2014 HBS-Accion Program on Strategic Leadership in Inclusive Finance participants

As an observer of the course this year, I had the opportunity to see firsthand what hot-button issues prompted the most debate and disagreement. It is truly incredible how rich the quality of discussion is when you bring leaders from 35 different cultures together.

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> Posted by Center Staff

After eight programs spanning over 500 participants from roughly 100 countries, we are proud to announce that the annual executive education program jointly run by Harvard Business School (HBS) and Accion is now accepting applications for 2014. The program will take place April 21-26, 2014 at the HBS campus in Cambridge, Massachusetts.

This year, the program has a new name. It is now the HBS-Accion Program on Strategic Leadership in Inclusive Finance. This name change confirms a shift in course focus and approach that has been underway for some time, from an exclusive focus on microfinance to a broader financial inclusion scope.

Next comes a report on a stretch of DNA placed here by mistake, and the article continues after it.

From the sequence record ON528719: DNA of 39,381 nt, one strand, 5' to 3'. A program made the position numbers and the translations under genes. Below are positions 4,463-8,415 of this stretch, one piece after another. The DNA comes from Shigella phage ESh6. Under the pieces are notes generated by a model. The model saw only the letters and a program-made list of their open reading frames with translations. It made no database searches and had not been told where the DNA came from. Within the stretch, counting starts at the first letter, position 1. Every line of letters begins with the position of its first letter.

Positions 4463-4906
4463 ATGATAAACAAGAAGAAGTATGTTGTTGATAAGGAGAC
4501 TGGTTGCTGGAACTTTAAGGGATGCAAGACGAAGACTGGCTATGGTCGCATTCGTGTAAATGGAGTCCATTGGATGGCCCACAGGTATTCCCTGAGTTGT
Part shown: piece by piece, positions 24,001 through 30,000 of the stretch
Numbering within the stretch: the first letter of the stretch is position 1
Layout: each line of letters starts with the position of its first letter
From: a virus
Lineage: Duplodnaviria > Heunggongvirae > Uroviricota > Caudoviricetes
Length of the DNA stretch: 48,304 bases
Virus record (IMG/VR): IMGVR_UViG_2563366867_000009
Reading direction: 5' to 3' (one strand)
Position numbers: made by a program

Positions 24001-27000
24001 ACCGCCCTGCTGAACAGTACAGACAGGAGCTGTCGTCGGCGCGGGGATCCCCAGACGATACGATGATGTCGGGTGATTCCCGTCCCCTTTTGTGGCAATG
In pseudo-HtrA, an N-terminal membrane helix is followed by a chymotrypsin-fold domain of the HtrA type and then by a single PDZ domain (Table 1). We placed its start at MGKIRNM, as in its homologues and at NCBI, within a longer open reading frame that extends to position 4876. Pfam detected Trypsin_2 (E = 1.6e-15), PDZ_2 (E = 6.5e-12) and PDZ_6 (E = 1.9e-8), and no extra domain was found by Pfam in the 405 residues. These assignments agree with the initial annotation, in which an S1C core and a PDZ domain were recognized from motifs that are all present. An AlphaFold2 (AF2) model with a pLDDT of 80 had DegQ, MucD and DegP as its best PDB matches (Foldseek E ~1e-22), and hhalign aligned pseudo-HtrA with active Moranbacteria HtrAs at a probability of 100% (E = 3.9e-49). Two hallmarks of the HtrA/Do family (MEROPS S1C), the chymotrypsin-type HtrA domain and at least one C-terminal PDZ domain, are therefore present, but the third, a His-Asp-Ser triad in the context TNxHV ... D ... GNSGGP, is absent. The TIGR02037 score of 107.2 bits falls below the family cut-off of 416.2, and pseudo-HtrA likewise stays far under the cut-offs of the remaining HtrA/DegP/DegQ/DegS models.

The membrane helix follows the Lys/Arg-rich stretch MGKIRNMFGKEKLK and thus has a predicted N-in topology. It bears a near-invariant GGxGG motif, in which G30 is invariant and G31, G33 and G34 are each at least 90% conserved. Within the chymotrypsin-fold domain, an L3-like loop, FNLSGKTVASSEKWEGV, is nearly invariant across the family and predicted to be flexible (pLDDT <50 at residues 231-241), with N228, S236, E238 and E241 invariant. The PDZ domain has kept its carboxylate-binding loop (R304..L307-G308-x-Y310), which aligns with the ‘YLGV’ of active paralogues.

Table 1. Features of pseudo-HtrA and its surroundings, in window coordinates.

Today’s financial inclusion landscape is changing rapidly, as new entrants, disruptive business models, and deeper understanding of client needs all challenge conventional wisdom. It is an exciting time, with new possibilities for reaching more people with an increasing array of financial services. For leaders steering their organizations through this landscape, the pace and magnitude of change may look overwhelming. In this program senior financial service providers will benefit from the guidance of some of the world’s best business minds to better understand the possibilities and the pitfalls of a more complex financial services marketplace. Policymakers, regulators, and investors will find it valuable to get a closer look at how the industry is evolving in countries around the world.

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Credit Suisse is a founding sponsor of the Center for Financial Inclusion. The Credit Suisse Group Foundation looks to its philanthropic partners to foster research, innovation and constructive dialogue in order to spread best practices and develop new solutions for financial inclusion.

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The views and opinions expressed on this blog, except where otherwise noted, are those of the authors and guest bloggers and do not necessarily reflect the views of the Center for Financial Inclusion or its affiliates.